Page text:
Review New Oly 100-400: Impressions and images

ac12

Mu-43 Hall of Famer
Joined
Apr 24, 2018
Messages
3,083
Location
SF Bay Area, California, USA
I think that this is one of the best reasons for at least using a monopod. I mean, disregarding the steadiness issue, a monopod serves as a good support for your lens/camera while you're standing around waiting for those rare birds to fly within shooting distance. I think that this is why you see all those sport photographers on the sidelines with their giant lenses and monopods (besides taking up less room than a tripod, of course).
Well yes and no.
The monopod does indeed help with the weight of the heavy kits.
BUT, when I have to move and pan, the monopod gets in the way, of tracking a fast moving subject.
I have a very limited horizontal arc of coverage when I use a monopod. As long as the subject is within that small arc of coverage, like shooting the batter at home plate, I am OK.​
For field sports (football, soccer and lacrosse), I use a monopod when I shoot the JV game, to rest my arms, then I go free-hand for the varsity game. It is MUCH easier to shoot free-hand.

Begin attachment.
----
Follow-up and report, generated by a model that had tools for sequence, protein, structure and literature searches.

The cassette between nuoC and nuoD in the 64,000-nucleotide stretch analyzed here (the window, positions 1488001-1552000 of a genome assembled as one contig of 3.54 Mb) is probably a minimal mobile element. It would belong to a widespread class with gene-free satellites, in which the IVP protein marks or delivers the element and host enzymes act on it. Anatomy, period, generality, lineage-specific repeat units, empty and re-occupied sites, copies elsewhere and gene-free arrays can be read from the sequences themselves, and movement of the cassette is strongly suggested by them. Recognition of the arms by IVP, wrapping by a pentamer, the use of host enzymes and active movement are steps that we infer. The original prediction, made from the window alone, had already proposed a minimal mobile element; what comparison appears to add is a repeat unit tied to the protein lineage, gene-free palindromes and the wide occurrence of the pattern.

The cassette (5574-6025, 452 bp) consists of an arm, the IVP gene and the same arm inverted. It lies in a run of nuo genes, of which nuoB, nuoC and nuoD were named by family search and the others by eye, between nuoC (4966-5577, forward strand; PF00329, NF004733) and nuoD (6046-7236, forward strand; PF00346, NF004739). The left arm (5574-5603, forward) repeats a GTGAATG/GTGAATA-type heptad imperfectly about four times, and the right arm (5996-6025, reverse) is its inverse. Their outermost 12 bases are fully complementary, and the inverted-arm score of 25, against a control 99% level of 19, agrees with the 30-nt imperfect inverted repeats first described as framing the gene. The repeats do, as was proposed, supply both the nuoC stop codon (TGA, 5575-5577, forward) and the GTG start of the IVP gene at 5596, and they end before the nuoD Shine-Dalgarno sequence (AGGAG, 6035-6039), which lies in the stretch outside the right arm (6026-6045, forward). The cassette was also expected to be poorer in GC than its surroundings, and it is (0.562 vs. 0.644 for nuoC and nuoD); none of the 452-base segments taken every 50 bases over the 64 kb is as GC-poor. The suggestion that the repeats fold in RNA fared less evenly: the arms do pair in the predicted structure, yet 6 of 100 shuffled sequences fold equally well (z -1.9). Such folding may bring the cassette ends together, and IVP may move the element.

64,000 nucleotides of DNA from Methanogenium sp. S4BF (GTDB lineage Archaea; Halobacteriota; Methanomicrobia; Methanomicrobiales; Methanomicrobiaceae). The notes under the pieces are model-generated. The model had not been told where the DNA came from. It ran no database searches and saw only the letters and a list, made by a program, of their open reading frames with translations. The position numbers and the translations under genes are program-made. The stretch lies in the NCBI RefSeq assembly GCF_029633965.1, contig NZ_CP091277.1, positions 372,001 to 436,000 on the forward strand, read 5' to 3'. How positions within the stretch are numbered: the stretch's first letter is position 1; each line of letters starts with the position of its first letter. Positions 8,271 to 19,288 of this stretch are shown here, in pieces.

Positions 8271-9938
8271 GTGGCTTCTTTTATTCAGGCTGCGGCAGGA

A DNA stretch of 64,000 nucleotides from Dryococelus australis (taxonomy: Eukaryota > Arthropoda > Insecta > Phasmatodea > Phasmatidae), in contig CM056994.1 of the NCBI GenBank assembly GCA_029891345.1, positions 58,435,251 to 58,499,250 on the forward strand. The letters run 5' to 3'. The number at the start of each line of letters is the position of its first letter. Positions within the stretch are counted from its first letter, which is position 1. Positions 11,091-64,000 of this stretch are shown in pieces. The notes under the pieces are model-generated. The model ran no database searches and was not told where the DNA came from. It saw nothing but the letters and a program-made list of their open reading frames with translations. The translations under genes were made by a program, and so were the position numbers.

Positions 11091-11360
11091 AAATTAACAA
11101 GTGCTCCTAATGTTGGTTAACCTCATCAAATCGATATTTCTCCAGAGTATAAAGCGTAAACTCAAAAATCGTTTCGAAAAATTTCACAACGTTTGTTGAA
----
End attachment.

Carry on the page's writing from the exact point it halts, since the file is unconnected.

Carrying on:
Ross the fiddler

Mu-43 Hall of Famer
Joined
May 20, 2012
Messages
4,237
Location
Blue Mountains, NSW, Australia
Real Name
Ross
Yes, Exact same issue here. First thing I noticed when I got the lens. The rotation is really jarring when you zoom in and out. The torque required to turn the zoom ring is enough to move the lens-body mount. I shot in pre-sunrise fog for a few days and didn't have any issues.

I personally keep both IS and IBIS on even if Oly says it doesn't do anything. I did some sitting-with-elbows-on-table tests and at 400mm dual IS was considerably better than only IS or IBIS.

I'm the exact opposite! Can't wait for spring. All of the birds have left California for now. And it's too cold for me to want to be out there for more than an hour anyways.

Edit: Sifting through two threads on the same subject is confusing me about what is talked about where.

In my month or two of ownership, I haven't had issue with the lens rotation causing negative issue with BIF or C-AF+T. The lens rotation is most noticeable when I need to quickly go from 100mm to 400mm (or vice versa) with a more forceful turn of the wrist.
The 1/10 mm difference between the 100-400 & other lenses in the locking pin slot (hole) isn't much, although the zoom is smooth it is also a drag on the lens with the movement at the body being noticeable & why I think the locking pin slot is a separate part (hopefully harder, but at least replaceable).